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Katie Couric documentary examines gun laws amid Chicago violence

Journalist Katie Couric and documentary filmmaker Stephanie Soechtig set out to answer one question: Why is it so difficult to enact "common-sense" gun regulations, despite the outrage sparked by multiple mass shootings?

The pair and their production team visited families affected by shootings in Newtown, Conn.; Aurora, Colo.; and outside Tucson, Ariz., but they also wanted a representation of the toll of urban violence.

"Every day, we get a news feed of shootings that have occurred and Chicago just kept coming up. It was like every other day, three killed, five killed," Soechtig told the Tribune in a recent interview at the W Chicago Lakeshore Hotel.

Couric visited Chicago last year and met with the support group Purpose Over Pain, which is based on the South Side, and Pamela and Tom Bosley, whose teenage son Terrell was shot to death in a West Pullman church parking lot in 2006. Their stories are featured in the "Under the Gun" documentary, set to air at 7 p.m. Sunday on the Epix network.

The struggles shared by the Bosleys; former U.S. Rep. Gabrielle Giffords, who was shot at an event outside Tucson in January 2011; and the Bardens, whose 7-year-old son Daniel was killed at Sandy Hook Elementary School in Newtown in 2012, are intermixed with interviews with gun owners about the strength of gun laws.

The documentary, which premiered at the Sundance Film Festival in January, spotlights Chicago as it endures growing gun violence. More than 50 people were shot last weekend, making it the city's most violent weekend since the end of September, according to Tribune reporting. And yet, despite the national headlines, violence in Chicago doesn't seem to generate the same outcry as it does in other cities.

"We talk about five people or six people shot somewhere in a mass shooting or in a mall or at Fort Hood, or whatever, and the whole country is outraged, as they should be. But that happens in a night in Chicago and they call it another night in Chicago," the Rev. Michael Pfleger, pastor of St. Sabina Catholic Church in the Auburn Gresham neighborhood, says in "Under the Gun."

Terrell Bosley, an Olive-Harvey College student, was killed while unloading musical instruments before band practice. Pamela Bosley, who co-founded the Purpose Over Pain group that helps families who lose children to gun violence, said she fears for her other children.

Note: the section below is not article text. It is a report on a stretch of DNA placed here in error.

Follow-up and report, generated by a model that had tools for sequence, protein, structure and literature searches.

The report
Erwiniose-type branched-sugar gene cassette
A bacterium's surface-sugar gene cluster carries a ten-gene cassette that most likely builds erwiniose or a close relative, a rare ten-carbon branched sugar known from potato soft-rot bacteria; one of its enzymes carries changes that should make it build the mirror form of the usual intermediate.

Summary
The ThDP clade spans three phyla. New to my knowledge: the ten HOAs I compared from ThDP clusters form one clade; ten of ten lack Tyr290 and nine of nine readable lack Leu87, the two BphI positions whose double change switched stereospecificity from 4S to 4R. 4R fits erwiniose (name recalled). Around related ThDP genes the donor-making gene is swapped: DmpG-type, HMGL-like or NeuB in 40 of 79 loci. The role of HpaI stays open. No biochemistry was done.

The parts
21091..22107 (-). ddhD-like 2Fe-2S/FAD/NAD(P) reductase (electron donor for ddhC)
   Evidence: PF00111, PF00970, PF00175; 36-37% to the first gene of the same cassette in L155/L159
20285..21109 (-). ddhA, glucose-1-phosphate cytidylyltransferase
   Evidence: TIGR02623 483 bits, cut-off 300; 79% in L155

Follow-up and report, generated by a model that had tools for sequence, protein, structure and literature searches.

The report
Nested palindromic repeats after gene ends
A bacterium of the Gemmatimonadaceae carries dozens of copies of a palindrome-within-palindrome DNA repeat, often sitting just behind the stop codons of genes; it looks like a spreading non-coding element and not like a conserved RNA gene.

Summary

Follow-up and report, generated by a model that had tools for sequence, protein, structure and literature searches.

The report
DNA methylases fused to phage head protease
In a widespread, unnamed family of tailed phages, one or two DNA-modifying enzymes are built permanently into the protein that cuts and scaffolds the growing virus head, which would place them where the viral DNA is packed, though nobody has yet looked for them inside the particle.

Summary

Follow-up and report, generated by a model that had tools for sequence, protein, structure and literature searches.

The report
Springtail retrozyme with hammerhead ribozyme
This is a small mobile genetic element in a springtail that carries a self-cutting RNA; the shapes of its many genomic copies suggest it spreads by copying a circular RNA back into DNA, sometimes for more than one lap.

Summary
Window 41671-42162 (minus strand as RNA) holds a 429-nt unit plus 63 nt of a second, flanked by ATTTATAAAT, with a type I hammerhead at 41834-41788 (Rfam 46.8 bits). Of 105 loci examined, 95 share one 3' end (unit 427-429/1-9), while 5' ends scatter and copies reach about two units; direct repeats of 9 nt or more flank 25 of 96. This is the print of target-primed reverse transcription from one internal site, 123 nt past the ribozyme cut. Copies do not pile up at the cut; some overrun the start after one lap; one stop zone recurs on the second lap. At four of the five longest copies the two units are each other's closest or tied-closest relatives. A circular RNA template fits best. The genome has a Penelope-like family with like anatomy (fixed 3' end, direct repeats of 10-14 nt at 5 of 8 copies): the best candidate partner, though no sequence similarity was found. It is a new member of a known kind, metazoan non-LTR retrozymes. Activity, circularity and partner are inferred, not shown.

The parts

"You can hear gunshots once a week, once every other week. So that's why I'm so afraid to have my children go out and play basketball, walk to the store and (there's) a basketball court maybe, like, two blocks from my house," Bosley says in "Under the Gun." "I don't let them go there because I'm afraid of them being shot, so they actually have to stay right in the back of my house and shoot basketball. And I feel bad as a mother to treat them like that, but I just cannot afford to lose another child to violence. I can't do it."

Bosley points to easy access to guns as part of the problem in Chicago. The documentary shows a group that includes Pfleger and the Rev. Jesse Jackson protesting a south suburban gun shop they say sold a large number of guns that were used in multiple Chicago crimes. Protesters called for the shop to commit to conducting universal background checks, video-recording gun sales and selling only one handgun per person per month to prevent sales later on street corners.

The confrontation gets heated as patrons stand by the gun shop and reaffirm their Second Amendment rights. An unnamed shop supporter is quoted saying, "What Chicago needs isn't more gun legislation, what Chicago needs is more gun ownership among the good guys."

Couric said she found through her reporting that an obstacle to reform is the National Rifle Association and its supporters in Congress. She said the gun group opposes extensive background checks on gun buyers, though Couric said she talked to many gun owners who favor checks. She said she hopes her documentary spurs "rational conversation" on this topic.

"I hope that people will see that there is indeed a lot of common ground between gun owners and people who don't feel comfortable with guns and would never own them," Couric said.

tswartz@tribpub.com

Twitter @tracyswartz

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